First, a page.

This post also appeared on 20SomethingReads.
Last year, I wrote a post on fairy tales for adults. I've decided to make it annual, because modern authors are constantly borrowing from fairy and folk tales, invigorating them with fresh life.
The term "fairy tales" probably conjures images of childhood, thanks to Disney's sanitized versions. But to give a brief history lesson, their origins were anything but childish. The Grimm's initial collection was dark and strange and more suited to Kafka readers than to the Mother Goose set. History lesson over (I said it would be brief); if you're curious, you can see my original post or you can do some googling.
So if you're looking for a book that is Weird with a capital W, in the best possible way, I've got you covered:
It's rare when a book lives up to its hype, but this one mostly does. Exploring the American immigrant experience through the lens of folklore has been done before -- see American Gods further down this list -- but it's rarely done with this unique a vision. Forget supernatural creatures like vampires or werewolves that have been done to death; Wecker borrows from Eastern cultures to give us mythology we don't commonly see. With a concept that's as potentially out-there as this, an author has to be willing to go balls-to-the wall with it. Wecker does just that, in a way that only a first time novelist can do.
Fairy Tale Elements: Sentient clay women. Glass castles. Magical rabbis. Fire creatures pretending to be men. Visions.
This is admittedly not as good as Adrian's best work, The Great Night, which I included in my original fairy tales post, and which remains one of my all time favorites despite the fact that I also agree with its mixed reviews. But Children's Hospital is also a thoughtful and wild ride. Adrian has a way of taking a familiar story and presenting a spin on it that you'd never have thought of even if you were on drugs. I mean that as the highest possible compliment.
Fairy Tale Elements: Angels. Mysterious healing powers. Precocious children. Terrible luck. Biblical floods.
I recently included this in another post, but this book fits into many categories. Plus, I can hardly do a post about adult fairy tales and exclude Gaiman. Above all else, American Gods is a fairy tale. Characters have names like Wednesday and Shadow. Road trip odysseys abound, each one stranger and more treacherous than the last. Dead wives drop by for casual chats, treading graveyard dirt onto the carpet.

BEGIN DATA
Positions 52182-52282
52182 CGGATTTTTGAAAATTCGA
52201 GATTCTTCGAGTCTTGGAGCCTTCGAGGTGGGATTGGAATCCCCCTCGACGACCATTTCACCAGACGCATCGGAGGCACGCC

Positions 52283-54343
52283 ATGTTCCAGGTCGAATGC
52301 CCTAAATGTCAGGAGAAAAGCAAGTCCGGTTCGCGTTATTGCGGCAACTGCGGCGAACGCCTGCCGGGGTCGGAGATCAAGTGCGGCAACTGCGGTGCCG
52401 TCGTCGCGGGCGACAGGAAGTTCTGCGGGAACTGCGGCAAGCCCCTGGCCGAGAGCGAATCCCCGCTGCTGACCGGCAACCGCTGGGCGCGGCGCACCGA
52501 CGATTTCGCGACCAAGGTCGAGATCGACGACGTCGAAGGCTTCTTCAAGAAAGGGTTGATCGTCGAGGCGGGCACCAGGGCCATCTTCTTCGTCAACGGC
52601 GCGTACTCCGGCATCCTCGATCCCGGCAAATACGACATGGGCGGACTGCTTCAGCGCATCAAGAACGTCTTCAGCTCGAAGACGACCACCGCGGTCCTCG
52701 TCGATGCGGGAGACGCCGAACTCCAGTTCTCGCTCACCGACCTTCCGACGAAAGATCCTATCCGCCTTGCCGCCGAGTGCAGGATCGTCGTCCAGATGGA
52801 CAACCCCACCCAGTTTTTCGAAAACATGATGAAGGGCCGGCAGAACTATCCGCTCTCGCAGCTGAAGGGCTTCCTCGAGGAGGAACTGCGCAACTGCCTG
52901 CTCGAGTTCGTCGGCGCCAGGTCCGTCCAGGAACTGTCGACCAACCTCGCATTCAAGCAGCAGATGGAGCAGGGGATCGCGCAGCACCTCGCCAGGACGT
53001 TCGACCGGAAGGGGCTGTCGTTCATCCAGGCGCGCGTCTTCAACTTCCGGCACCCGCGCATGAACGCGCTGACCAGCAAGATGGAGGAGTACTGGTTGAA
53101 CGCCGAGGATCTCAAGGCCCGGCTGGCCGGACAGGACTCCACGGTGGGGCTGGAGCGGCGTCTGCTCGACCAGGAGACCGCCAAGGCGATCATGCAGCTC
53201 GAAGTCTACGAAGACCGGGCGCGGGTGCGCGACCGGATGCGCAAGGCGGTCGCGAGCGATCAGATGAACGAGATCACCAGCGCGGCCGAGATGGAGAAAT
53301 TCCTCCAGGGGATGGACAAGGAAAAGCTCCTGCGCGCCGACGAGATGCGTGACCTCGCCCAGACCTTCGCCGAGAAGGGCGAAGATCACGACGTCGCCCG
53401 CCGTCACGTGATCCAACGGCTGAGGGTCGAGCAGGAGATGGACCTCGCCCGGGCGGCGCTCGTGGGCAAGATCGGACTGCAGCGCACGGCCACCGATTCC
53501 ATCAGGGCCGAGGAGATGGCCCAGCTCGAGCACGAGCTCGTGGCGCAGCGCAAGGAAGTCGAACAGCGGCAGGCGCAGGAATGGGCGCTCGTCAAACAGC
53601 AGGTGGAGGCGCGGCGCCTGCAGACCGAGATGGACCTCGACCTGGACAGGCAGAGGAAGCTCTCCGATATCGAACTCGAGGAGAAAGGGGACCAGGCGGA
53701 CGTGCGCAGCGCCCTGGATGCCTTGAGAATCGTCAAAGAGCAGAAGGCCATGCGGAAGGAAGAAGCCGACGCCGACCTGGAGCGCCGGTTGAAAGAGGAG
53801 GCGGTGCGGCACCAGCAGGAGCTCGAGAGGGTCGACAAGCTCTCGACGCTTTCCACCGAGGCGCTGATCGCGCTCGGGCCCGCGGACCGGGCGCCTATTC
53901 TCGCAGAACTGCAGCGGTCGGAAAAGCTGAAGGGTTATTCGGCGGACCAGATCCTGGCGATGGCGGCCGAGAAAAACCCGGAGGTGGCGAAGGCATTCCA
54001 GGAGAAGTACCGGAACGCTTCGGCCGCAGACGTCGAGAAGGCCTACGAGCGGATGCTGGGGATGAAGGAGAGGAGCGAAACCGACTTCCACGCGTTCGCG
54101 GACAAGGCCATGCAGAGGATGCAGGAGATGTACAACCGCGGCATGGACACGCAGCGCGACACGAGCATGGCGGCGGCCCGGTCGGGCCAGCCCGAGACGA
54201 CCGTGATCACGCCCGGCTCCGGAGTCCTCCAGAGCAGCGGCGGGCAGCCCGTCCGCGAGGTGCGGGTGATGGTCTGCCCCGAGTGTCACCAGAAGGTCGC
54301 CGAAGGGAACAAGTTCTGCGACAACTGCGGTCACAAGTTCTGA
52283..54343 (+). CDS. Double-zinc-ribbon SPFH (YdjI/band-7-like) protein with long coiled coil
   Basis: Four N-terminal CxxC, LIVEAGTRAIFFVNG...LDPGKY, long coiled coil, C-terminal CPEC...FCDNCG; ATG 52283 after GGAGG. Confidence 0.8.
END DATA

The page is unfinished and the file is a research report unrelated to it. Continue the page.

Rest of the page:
It's whimsical and crass, it's lighthearted and dark, it's abstract and straightforward. It's a novel of contradictions, with treats around every corner.
Fairy Tale Elements: Magical coins. Missing children. Sexy cat-ladies. Road trips. Leprechauns. Thunderbirds (not the car). Resurrections.
The title of this one is baffling, as it's got little to do with the actual story besides telling us the source material. This is a fairy tale re-envisioned as a gritty pseudo-historical drama, told from the perspective of a side character. The magical elements are handled cleverly -- they aren't entirely dismissed, but less whimsical explanations are offered. And, while some parts can't avoid predictability, the author continuously subverts expectations of the usual tropes. For a story that we all supposedly know, it's as unpredictable as possible.
Fairy Tale Elements: Well... Sleeping Beauty is a fairy tale... so, everything.
I admit, I was initially skeptical because the title sounds cutesy and the description hints at love triangles... which goes to show, marketing can be misleading! Now, I'm not someone who scorns YA -- a good book is just a good book -- but many do share characteristics that can be enough to turn you off. This isn't one of those. There is a mild love triangle but it doesn't exist to create arbitrary drama. Although the characters are teens, their relationships have a collegiate feel (think The Secret History but with less whining and incest. Similar amounts of Latin and murder). And for the most part, teenage boys speak like actual teenage boys, not improbably chivalrous forty year olds (ahem, The Fault in Our Stars).
There is a plot, but it's almost incidental; I'd happily read about these characters going to the grocery store. The third book in this quartet comes out soon.
Fairy Tale Elements: Quests. Death curses. Doomed love. Hit men. Mysterious dreams. Magical rituals. Prodigal sons. Disappearing parents.
A family saga for a patient reader, this novel spans years, bridges worlds, and involves a mysterious, ever-changing house. A sort of Alice in Wonderland mixed with House of Leaves yet more subtle and less frustrating than both. This book is intimate yet sprawling; bizarre yet commonplace.
Fairy Tale Elements: Fairies. Places with vague names. Prophecies. Changelings. Characters named Smokey.
Egan is one of the most skilled writers of opposite sex characters, which is not as easy as it sounds. Her men are never stereotypical or hypermasculine; they are neurotic, vaguely insane, and yet their voices feel authentic. This has Egan's trademark combination of wry humor and lives that overlap in unexpected ways. It also has a story-within-a story that reveals itself slowly, a treat for a sharp-eyed reader. Simultaneously a fairy tale, a psychological drama, and a deeply weird story, each time you think you can guess where this is going... guess again.
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